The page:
- The Washington Times - Wednesday, November 9, 2022

Secretary of State Antony Blinken condemned the Kremlin for sending jailed U.S. basketball star Brittney Griner to a Russian forced labor camp, nearly nine months after she was arrested in Moscow for allegedly possessing cannabis oil in her luggage.

Ms. Griner’s lawyers told Russia’s official Tass news agency that the WNBA center and two-time Olympic gold medalist was transferred on Nov. 4 from the pre-trial detention center where she had been held to a penal colony where she will serve her nine-year sentence.

The case has proven another source of tension in a relationship already strained by Russia‘s invasion of Ukraine. The U.S. has said it had made an offer for a prisoner swap to free Ms. Griner and another American held by Moscow, but so far, the deal has not come together.



“It is another injustice layered on her ongoing unjust and wrongful detention,” Mr. Blinken said Wednesday in a statement. “As we work to secure Brittney Griner’s release, we expect Russian authorities to provide our embassy officials with regular access to all U.S. citizens detained in Russia.”

She was sent to a penal colony after a Russian court rejected an appeal of her sentence last month. Maria Blagovolina, a lawyer representing Ms. Griner, told the Russian press she was unaware of her client’s whereabouts or where she was being taken.

“As lawyers, we and the U.S. Embassy should be notified as soon as she reaches the point of her destination,” Ms. Blagovolina said.


SEE ALSO: Putin’s power play: Russia’s rebuke neuters U.N. push to end war in Ukraine


Conditions inside the country’s notorious prison system are harsh and potentially life-threatening, according to a 2021 State Department investigation into human rights practices in Russia.

“Overcrowding, abuse by guards and inmates, limited access to health care, food shortages, and inadequate sanitation were common in prisons, penal colonies, and other detention facilities,” according to the State Department report. “There were reports that prison authorities recruited inmates to abuse other inmates.”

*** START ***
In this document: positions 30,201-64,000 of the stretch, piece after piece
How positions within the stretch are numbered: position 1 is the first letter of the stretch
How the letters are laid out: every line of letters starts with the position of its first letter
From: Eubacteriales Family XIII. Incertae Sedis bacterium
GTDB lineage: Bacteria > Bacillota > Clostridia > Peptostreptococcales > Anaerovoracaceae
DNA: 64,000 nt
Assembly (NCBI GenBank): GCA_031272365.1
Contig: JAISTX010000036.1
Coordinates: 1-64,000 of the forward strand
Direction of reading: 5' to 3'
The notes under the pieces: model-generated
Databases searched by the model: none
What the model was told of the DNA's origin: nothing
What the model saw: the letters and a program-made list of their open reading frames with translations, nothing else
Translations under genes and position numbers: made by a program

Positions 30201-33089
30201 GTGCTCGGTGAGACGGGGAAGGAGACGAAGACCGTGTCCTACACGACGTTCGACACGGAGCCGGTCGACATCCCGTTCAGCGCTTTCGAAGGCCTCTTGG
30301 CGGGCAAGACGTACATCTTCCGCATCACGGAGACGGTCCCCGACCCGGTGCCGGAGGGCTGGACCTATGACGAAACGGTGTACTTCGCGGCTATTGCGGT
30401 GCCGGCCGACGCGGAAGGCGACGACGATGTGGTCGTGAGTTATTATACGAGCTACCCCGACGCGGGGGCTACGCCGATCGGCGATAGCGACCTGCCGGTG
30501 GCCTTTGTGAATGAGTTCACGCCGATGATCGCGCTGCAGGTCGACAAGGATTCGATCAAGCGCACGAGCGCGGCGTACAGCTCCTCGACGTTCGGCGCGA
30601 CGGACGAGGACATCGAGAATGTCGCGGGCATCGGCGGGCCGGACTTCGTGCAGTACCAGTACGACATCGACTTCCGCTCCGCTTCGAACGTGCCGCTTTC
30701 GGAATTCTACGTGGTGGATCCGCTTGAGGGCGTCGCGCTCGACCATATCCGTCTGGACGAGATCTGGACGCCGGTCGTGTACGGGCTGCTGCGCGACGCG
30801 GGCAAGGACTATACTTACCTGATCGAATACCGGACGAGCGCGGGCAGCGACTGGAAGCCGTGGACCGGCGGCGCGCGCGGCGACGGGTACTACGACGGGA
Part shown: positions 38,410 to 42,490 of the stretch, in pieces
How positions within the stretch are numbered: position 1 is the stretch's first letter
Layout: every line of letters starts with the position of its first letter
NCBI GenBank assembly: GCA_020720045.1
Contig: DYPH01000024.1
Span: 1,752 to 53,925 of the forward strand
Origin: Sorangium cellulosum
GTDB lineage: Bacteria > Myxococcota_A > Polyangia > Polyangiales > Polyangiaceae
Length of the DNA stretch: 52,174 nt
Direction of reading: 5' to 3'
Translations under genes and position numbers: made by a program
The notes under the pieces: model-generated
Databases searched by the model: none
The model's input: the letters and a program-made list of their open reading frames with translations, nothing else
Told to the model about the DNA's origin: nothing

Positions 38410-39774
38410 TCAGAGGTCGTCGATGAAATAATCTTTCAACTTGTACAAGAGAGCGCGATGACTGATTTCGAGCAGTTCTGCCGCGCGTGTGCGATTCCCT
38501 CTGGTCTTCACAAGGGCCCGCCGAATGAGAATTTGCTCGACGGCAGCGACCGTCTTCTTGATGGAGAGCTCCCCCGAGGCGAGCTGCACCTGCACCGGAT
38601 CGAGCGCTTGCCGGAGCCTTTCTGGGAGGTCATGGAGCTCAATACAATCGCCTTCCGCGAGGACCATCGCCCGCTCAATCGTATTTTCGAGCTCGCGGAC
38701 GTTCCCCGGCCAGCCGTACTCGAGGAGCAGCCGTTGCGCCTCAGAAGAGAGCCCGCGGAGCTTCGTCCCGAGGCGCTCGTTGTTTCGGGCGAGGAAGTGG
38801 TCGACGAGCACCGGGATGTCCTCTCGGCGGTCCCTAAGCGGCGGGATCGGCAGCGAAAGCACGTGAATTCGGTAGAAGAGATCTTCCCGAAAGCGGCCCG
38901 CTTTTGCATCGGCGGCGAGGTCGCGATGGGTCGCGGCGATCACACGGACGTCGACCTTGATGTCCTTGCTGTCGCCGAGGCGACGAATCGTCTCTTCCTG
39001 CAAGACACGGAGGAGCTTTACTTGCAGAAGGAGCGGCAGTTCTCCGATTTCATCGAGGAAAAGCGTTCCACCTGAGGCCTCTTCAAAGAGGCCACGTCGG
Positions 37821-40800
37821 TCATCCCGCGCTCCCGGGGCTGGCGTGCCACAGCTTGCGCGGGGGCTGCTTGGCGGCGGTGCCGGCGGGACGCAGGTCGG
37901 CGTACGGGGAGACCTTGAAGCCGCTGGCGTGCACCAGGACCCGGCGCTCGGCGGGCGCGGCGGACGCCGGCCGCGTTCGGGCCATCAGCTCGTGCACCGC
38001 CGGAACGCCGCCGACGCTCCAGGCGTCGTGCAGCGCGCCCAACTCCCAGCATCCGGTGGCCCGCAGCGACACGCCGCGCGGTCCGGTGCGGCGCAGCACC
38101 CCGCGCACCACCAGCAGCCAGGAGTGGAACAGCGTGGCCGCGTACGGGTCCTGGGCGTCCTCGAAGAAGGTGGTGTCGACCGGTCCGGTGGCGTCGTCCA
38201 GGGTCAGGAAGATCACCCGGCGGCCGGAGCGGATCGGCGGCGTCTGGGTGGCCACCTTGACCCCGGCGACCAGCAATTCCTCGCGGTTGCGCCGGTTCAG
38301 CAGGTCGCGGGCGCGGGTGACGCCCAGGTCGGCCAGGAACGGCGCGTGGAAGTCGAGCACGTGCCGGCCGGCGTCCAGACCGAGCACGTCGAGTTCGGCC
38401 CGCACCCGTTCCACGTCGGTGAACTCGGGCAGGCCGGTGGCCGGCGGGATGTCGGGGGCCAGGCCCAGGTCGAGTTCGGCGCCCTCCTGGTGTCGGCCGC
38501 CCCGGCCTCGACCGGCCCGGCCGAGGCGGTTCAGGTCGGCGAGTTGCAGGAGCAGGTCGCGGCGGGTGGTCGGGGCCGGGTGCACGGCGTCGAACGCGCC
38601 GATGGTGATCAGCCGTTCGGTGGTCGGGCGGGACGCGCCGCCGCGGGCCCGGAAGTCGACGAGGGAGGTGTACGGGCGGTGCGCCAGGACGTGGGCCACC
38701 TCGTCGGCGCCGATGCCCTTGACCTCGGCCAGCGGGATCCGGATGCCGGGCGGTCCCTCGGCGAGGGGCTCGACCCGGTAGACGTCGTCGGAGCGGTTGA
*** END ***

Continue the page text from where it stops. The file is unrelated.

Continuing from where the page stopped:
President Biden, addressing reporters at the White House Wednesday, said he hoped the end of the U.S. campaign season may make Russian President Vladimir Putin more open to a deal to free Ms. Griner.

“My hope is that now that the election is over, that Mr. Putin will be able to discuss with us and be willing to talk more seriously about a prisoner exchange,” Mr. Biden said, adding that he remained “determined to get [Ms. Griner] home,” along with other Americans being held unjustly in Russian jails.

The State Department investigation says conditions inside Russia’s prisons varied but generally were poor. Drinking water is sometimes rationed and many inmates rely on food provided by family members or NGOs. 

“Political prisoners were placed in particularly harsh conditions and subjected to punitive treatment within the prison system, such as solitary confinement or punitive stays in psychiatric units,” according to the State Department report.

Ms. Griner’s agent, Lindsay Colas, said the nine-year prison sentence is regarded as harsh and extreme even by Russian standards.

“We call on all people, fellow Americans along with the global sports community, to unite … to do what is necessary to rescue her. We must support the use of all available tools to secure the safe return of [her] and all Americans with urgency,” Ms. Colas said in a Twitter post. 

The White House said Ms. Griner, a center for the WNBA’s Phoenix Mercury, is being wrongfully detained and insisted they are working “tirelessly” to secure her release. The Biden administration has offered to swap jailed arms dealer Viktor Bout for Ms. Griner and Paul Whelan, a former U.S. Marine arrested in December 2018 and accused of spying against Russia.

“The U.S. government made a significant offer to the Russians to resolve the current unacceptable and wrongful detentions of American citizens,” White House spokeswoman Karine Jean-Pierre said in a statement Wednesday. “Despite a lack of good faith negotiations by the Russians, the U.S. government has continued to follow up on that offer and propose alternative potential ways forward with the Russians through all available channels.”

Ms. Griner was arrested just days before President Vladimir Putin sent troops into Ukraine and her supporters say Russia is using her purely as a political pawn.

The Associated Press reported that a senior State Department official, briefing reporters on background, said the Russians had not notified American diplomats of Ms. Griner’s transfer ahead of time and had not yet responded to queries from the American embassy about either her current whereabouts or ultimate destination.

Correction: An editing error incorrectly identified Ms. Griner on second reference.

• Mike Glenn can be reached at mglenn@washingtontimes.com.

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